FSC’s Kim Carstensen says Canada could set the benchmark for others to follow
By Kim Carstensen
May 6 , 2016 - As director general, one of my key roles is to help evolve FSC standards to represent today’s issues and debates. Naturally, these issues vary greatly by country and region. So rather than deploy one set of rules across the world, we enable each country to agree how to interpret and use our rules on a national level. It’s a process that inevitably raises debate, but this is something I feel is vital to FSC’s growth as an organization.
Nowhere is this process better demonstrated than in Canada, a country I have visited regularly in recent months. In Canada alone, a third of all FSC-certified forest is located, which makes it incredibly important to us. But it is the debates going on here that make the country particularly interesting right now. While it is experiencing issues that many forestry companies share, the way Canada is coming together to deal with these issues is rather unique, and I believe it sets a bar for how responsible forest management can be achieved in the future.
Raising local issues
Last year, we released the first draft of our International Generic Indicators, which is our basis for individual countries to decide how to develop their own, national standards. As soon as we introduced these to Canada, a wide range of groups began to bring their opinions to the table.
On one hand, we have the Indigenous groups of Canada’s forests, who are requesting that FSC guarantees a strong voice for their people in the forests they live in. This will allow them access to resources and enable them to live in the land of their ancestors while maintaining and developing their culture and spiritual values.
At the same time environmental organizations are demanding that our standards provide strong protection for species at risk - in Canada, particularly the woodland caribou.
Then we have the forestry companies, who want to understand how they will be able to harvest enough timber to maintain their industries and the jobs that come with it. And who are asking what it will take to meet the requirements of our standards, especially if Indigenous groups or environmental organizations impose limitations on forestry in many areas.
On top of this there is the Canadian government, which owns the forests in Canada and only gives out land as concessions. To start any forestry activities, you need to be given the mandate from the government.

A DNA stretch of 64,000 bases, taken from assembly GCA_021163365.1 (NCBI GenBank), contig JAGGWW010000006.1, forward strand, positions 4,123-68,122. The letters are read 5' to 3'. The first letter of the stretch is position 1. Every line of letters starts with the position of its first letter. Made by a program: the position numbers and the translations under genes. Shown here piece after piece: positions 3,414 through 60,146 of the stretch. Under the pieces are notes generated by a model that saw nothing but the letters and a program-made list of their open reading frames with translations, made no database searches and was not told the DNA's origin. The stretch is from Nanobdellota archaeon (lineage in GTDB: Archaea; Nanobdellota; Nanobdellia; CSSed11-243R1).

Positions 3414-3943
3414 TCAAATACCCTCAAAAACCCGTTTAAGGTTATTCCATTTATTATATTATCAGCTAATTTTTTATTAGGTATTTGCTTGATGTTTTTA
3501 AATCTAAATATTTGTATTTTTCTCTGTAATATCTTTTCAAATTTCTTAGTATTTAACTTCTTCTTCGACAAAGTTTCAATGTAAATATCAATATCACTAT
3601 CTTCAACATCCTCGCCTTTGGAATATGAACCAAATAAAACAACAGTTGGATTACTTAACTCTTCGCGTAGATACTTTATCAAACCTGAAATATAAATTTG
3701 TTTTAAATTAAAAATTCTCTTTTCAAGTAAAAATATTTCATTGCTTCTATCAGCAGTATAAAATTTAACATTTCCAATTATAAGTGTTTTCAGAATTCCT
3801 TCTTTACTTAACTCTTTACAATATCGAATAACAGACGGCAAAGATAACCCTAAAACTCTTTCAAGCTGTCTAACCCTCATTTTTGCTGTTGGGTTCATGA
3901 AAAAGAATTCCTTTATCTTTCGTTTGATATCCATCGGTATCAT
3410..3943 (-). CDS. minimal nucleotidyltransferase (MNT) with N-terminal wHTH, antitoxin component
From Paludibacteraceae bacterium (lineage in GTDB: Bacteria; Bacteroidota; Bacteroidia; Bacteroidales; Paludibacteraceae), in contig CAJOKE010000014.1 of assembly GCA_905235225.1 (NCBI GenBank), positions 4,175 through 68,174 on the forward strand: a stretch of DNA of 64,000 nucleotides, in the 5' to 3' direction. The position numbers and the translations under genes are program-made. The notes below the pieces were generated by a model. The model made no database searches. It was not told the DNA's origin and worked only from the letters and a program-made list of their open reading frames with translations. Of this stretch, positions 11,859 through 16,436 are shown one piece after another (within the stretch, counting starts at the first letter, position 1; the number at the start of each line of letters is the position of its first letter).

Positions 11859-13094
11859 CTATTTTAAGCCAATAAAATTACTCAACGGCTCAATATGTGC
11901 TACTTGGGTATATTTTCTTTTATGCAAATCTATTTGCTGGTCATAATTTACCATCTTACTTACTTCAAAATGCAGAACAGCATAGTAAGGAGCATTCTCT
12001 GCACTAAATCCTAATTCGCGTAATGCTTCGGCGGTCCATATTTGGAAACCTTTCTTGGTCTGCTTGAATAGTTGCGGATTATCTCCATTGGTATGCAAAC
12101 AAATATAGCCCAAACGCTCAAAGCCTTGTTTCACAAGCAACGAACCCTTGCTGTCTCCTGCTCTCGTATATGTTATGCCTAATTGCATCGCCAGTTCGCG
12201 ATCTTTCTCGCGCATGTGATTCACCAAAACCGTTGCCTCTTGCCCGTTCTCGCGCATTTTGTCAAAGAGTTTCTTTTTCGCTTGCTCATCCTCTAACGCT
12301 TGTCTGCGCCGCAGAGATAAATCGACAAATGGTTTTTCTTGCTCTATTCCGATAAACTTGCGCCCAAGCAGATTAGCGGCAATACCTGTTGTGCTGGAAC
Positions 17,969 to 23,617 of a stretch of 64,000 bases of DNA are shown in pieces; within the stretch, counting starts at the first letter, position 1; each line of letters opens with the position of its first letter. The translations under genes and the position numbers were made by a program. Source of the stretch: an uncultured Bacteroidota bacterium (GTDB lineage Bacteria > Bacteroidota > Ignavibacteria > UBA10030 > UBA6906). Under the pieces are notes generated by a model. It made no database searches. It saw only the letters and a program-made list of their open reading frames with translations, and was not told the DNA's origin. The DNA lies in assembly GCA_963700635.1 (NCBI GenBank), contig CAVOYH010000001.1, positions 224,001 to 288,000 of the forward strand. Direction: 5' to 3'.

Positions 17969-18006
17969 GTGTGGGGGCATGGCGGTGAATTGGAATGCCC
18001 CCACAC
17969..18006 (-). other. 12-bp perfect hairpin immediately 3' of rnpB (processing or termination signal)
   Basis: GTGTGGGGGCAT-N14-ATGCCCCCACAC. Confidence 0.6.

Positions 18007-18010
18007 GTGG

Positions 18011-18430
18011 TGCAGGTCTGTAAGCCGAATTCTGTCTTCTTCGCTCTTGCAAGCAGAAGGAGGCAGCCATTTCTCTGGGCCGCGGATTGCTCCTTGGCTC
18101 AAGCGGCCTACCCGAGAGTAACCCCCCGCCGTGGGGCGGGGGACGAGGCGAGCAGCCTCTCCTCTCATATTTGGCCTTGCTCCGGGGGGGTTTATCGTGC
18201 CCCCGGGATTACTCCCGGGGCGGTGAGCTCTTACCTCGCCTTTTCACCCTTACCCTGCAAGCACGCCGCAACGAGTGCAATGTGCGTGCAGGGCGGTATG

Finally, you have the UN, which has agreed a declaration on the rights of Indigenous Peoples, which includes requirements for ‘free prior informed consent’. This is a concept aiming to ensure that Indigenous Peoples have a say over what happens to the land they inhabit, before action such as forestry operations is taken. This opens the door for a great deal of debate to take place.
Achieving a collective response
So how does Canada answer these issues? You would be forgiven for thinking things would descend into chaotic infighting among all the interested stakeholder groups. In Canada, we see almost all stakeholders getting together to find constructive solutions. We also see governments creating positive initiatives like the caribou plan that was recently released by the provincial government of Quebec. This provides a great basis for discussion among all stakeholders that rely on the forest, be it unions, NGOs, government, Indigenous groups or forestry companies.
In this process, the concerns of all parties are put on the table in equal share. We received close to 500 pages of comments to the first draft of the new Canadian FSC Forest Management standard. Based on these, we will now set out a next consulting phase that aims to agree Canada’s new national standard. We will have more discussions across the different interests, and we will set up field tests to help us understand every proposed measure of the new standard.
For sure, this is a long and cumbersome working model for achieving national standards. But for me, it is the direct way to achieve agreement on an ambitious and forward-looking standard that will define Canadian forestry for the 21st century. Canadian stakeholders can do this, if they articulate what is at stake. Maintaining productive and healthy forests for the benefit of people around the world is our true core mission, and we are here to remind all stakeholders of that. Keep the goal in mind, and the steps for getting there become that much easier.
By bringing all of Canada’s key groups together in tough, honest discussions, I am sure we will come up with a workable national standard. And this will be more than a national achievement, because on a global scale, what we agree in Canada can be an inspiration for all of FSC. Using democracy as our tool to work through tough questions is our duty, and by making the process work effectively, Canada can become a lesson to us all, providing a leading light to the forestry of the future.